You don’t have to internalize other people’s fears.
“Don’t be trapped into accepting shame from someone who is trying to keep you from doing something you have every right to do. “
“Ignore the mob that would like you to feel badly for not fitting in. Categories are rarely permanent, and most important work is done by people who don’t easily fit in. “
“Realize that no one is more aware of your minor flaws than you are. No one else is noticing the little nick in your tooth or the fact that your shoelaces don’t match. “
“Someone else’s fear doesn’t have to be your fear unless you want it to be. “
Resource: Getting Things Done by David Allen
Description: Organizing action reminders
Most of the action items from your in-traywill be things that need to done by you and that can’t be done in under two minutes. These action items belong to the defered category.
For deferred items, you need a calendar and a next actions list.
A calendar is where you place things that need to be done on a certain day and/or time. Essentially, appointments. If you have a doctors appointment on Tuesday at 3pm or you need to follow up with a customer on Friday, you put these items on your calendar.
Your calendar is sacred and for simplicity’s sake, should only contain date specific appointments.
Most people use their calendar as a to do list. In othet words, they use their calendar to keep track if intentions as well as appointments. This is less than optimal for two reasons: 1) it compromises the simple and succinct function that a calendar serves — to allow you to take a quick and clean sweep of your day/week and see what your non-negotiables are. 2) It’s demoralizing. Since your intentions will be changed, challenged, and compromised far more than your appointments, it causes stress and a lack of trust in your system each time you have to change things on your calendar because you couldn’t get them done.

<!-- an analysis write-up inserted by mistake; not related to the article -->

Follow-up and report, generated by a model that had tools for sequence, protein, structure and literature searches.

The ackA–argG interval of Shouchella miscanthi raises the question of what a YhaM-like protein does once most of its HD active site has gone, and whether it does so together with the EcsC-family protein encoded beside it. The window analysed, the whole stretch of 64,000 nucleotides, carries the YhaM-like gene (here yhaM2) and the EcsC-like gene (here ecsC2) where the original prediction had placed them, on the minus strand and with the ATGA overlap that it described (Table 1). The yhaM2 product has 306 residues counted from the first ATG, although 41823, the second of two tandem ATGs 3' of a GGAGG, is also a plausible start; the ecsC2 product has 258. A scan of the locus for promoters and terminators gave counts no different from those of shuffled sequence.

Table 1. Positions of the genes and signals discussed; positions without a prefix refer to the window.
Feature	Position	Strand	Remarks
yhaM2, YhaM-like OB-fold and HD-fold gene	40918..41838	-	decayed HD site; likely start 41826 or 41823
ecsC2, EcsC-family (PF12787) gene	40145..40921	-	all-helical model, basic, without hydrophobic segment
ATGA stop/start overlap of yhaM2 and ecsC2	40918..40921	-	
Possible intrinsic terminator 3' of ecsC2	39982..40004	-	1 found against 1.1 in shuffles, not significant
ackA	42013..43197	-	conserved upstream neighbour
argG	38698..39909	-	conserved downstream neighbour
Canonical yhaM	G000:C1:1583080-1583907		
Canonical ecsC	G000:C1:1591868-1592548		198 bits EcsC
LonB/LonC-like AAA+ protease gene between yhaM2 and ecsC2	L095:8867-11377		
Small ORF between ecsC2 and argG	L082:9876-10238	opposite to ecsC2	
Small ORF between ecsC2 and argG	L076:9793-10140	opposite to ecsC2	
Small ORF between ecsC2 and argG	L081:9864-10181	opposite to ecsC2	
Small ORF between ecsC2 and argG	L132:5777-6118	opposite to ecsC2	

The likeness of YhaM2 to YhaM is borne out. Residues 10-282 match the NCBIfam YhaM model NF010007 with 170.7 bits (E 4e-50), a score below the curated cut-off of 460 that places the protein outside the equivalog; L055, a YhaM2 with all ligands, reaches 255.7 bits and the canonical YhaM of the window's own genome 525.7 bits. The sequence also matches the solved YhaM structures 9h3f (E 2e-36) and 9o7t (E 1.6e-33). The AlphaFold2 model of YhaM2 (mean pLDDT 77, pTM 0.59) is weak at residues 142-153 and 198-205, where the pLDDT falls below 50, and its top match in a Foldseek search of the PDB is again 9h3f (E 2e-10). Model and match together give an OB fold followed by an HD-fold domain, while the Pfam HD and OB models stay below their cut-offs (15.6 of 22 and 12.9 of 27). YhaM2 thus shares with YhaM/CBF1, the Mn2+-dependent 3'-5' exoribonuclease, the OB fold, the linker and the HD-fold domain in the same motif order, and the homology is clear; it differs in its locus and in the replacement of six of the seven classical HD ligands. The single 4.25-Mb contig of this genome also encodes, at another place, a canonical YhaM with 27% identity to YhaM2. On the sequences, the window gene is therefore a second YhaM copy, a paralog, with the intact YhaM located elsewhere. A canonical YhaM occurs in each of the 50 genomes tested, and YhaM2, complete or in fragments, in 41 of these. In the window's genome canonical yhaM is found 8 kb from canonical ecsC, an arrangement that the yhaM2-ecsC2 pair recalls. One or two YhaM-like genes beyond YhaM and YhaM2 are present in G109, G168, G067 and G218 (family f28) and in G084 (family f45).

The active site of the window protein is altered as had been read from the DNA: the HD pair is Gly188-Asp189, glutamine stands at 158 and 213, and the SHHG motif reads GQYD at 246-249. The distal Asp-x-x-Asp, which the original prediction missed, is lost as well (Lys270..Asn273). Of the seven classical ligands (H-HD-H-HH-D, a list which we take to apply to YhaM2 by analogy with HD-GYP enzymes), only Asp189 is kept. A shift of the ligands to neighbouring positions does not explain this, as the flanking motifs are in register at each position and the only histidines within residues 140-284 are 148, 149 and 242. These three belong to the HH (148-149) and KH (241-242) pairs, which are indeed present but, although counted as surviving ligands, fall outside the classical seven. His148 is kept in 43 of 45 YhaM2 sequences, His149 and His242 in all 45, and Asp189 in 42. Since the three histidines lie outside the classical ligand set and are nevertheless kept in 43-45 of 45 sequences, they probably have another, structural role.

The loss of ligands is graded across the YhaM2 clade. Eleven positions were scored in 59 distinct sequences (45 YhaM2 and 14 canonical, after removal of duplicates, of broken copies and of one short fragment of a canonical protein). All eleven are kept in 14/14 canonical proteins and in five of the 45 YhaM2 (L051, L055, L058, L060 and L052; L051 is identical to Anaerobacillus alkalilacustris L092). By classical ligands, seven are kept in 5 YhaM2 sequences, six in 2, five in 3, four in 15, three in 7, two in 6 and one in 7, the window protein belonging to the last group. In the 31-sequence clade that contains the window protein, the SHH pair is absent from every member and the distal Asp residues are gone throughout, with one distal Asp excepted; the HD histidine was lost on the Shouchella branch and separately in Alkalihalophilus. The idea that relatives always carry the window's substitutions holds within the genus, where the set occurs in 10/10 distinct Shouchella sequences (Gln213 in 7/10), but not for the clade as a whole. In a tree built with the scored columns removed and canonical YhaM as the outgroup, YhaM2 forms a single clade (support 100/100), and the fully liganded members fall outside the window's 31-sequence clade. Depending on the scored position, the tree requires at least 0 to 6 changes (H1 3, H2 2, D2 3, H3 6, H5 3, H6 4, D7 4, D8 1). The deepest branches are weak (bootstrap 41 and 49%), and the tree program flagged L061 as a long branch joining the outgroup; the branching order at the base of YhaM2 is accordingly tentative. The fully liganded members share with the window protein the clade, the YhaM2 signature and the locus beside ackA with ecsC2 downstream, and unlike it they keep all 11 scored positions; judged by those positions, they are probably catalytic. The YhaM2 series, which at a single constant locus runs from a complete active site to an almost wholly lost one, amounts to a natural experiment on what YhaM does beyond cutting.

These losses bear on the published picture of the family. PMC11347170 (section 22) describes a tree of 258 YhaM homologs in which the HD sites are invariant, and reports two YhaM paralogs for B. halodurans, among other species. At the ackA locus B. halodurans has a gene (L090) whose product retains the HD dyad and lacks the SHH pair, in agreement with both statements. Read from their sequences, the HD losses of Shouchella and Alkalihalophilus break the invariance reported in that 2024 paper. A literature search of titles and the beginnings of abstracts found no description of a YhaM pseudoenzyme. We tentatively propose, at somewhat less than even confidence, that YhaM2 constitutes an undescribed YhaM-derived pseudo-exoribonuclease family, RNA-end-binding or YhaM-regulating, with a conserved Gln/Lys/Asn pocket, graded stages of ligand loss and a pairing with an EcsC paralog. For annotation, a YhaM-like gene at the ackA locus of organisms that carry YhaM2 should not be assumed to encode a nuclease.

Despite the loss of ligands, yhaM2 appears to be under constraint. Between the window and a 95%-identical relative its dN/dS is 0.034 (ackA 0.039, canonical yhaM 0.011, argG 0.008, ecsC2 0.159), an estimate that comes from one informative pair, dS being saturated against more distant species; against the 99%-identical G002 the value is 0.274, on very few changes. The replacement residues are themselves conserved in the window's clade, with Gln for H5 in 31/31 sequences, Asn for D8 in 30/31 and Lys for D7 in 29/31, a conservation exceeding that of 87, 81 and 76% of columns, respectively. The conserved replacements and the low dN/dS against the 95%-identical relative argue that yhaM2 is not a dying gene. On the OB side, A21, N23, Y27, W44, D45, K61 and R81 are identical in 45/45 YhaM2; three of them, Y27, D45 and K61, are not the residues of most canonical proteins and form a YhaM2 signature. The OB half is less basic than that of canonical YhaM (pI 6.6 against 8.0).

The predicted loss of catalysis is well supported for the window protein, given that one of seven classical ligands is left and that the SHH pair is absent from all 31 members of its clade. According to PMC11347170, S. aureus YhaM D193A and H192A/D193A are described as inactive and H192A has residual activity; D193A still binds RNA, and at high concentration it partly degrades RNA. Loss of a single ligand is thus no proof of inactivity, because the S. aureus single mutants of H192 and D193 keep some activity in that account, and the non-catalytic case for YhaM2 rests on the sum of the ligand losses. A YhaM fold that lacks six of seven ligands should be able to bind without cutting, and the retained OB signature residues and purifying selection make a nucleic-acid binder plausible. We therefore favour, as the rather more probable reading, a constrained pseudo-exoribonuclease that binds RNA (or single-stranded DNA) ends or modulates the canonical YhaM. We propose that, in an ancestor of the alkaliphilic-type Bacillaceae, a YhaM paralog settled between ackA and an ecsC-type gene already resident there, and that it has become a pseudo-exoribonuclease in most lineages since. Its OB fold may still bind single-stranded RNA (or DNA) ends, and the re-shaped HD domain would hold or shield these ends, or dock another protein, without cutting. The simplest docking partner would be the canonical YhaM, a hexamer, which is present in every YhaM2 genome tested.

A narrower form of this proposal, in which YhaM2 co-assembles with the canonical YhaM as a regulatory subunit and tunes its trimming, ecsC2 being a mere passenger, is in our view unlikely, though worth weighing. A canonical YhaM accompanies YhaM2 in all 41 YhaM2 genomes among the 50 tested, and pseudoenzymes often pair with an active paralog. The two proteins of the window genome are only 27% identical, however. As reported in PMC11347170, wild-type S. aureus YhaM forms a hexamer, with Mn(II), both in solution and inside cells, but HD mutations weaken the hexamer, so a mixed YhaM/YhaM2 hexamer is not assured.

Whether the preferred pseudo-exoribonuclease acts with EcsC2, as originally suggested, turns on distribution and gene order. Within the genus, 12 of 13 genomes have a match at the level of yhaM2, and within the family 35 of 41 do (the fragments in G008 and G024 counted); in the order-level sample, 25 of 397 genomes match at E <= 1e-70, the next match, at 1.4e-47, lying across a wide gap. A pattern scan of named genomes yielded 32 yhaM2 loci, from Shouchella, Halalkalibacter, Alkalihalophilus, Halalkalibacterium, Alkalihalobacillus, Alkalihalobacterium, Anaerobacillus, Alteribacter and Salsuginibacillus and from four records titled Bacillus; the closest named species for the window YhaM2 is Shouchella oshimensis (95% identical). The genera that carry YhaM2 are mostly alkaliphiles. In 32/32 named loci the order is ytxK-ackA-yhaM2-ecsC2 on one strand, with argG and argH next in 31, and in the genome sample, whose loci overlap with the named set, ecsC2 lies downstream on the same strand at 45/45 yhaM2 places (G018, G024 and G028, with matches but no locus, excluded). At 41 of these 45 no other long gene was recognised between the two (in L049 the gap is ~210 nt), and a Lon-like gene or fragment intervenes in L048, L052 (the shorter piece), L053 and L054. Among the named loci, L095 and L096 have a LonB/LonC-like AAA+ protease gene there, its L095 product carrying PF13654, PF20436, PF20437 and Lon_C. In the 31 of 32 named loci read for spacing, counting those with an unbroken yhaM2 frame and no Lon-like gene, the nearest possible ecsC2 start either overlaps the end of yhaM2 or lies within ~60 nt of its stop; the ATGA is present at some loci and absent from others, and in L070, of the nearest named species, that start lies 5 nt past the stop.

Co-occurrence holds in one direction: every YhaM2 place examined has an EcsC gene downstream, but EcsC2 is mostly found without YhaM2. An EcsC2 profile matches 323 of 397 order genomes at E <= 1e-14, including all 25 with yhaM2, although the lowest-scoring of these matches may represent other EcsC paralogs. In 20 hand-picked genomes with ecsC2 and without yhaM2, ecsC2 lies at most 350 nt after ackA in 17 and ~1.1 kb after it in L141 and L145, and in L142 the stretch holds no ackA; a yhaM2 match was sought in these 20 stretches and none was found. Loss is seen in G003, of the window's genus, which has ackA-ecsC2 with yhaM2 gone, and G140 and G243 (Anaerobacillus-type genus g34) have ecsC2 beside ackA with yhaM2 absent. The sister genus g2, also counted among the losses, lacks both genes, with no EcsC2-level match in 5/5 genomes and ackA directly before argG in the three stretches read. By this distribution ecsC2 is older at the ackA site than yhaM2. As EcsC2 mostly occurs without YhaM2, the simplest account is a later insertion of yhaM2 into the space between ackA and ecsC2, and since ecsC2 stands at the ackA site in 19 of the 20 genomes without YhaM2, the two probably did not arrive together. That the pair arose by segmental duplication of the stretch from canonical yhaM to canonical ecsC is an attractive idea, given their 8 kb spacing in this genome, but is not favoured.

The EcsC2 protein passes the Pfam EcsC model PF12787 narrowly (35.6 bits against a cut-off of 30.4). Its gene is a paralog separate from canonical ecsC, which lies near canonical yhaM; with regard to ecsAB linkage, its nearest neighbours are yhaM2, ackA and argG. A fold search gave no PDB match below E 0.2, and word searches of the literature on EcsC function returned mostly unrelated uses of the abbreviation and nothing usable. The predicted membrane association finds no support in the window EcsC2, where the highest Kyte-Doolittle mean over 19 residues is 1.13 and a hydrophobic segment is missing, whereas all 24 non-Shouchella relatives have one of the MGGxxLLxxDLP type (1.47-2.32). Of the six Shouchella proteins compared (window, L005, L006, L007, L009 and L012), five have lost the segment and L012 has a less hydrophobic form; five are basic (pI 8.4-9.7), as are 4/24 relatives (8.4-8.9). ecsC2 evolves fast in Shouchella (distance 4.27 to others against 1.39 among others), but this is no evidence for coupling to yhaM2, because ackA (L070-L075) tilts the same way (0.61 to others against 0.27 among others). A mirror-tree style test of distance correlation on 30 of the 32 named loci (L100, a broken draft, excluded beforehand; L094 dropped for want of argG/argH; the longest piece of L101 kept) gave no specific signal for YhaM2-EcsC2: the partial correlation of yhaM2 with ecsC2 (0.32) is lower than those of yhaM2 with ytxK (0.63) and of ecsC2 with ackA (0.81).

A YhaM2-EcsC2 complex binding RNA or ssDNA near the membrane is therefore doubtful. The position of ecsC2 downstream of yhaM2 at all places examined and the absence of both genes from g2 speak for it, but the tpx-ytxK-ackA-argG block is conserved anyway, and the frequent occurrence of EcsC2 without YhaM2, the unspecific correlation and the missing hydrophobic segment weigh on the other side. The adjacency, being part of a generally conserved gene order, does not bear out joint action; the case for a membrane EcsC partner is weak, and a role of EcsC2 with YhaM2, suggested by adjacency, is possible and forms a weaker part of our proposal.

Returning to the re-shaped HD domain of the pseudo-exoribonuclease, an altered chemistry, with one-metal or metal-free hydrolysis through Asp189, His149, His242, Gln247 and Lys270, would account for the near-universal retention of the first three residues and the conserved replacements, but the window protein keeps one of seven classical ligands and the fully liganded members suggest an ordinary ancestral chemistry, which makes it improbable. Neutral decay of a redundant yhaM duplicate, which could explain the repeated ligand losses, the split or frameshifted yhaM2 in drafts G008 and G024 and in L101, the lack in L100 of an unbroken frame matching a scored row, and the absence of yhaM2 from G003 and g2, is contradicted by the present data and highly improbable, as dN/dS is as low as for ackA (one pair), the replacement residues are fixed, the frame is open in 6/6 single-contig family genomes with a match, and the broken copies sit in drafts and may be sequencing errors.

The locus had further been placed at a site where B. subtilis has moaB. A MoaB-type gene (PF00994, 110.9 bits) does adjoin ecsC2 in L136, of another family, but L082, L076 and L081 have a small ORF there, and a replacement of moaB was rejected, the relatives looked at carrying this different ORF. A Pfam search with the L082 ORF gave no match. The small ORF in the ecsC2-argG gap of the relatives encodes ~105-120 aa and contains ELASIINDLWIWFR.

Instead of using your calendar, rely on your next actions list for non-appointment action items.
“For the purposes of organization, as I’ve said, there are two basic kinds of actions: those that must be done on a certain day and/or at a particular time, and those that just need to be done as soon as you can get to them, around your other calendar items (some perhaps with a final due date). Calendared action items can be either time specific (e.g., “10:00–11:00 meet with Jim”) or day specific (“Call Rachel Tuesday to see if she got the proposal”). “
“The calendar should show only the “hard landscape” around which you do the rest of your actions. “
“What many want to do, however, based on perhaps old habits of writing daily to-do lists, is put actions on the calendar that they think they’d really like to get done next Monday, say, but that actually might not, and that might then have to be moved to following days. Resist this impulse. You need to trust your calendar as sacred territory, reflecting the exact hard edges of your day’s commitments, which should be noticeable at a glance while you’re on the run. That’ll be much easier if the only things in there are those that you absolutely have to get done, or know about, on that day. When the calendar is relegated to its proper role in organizing, the majority of the actions that you need to do are left in the category of “as soon as possible, against all the other things I have to do.”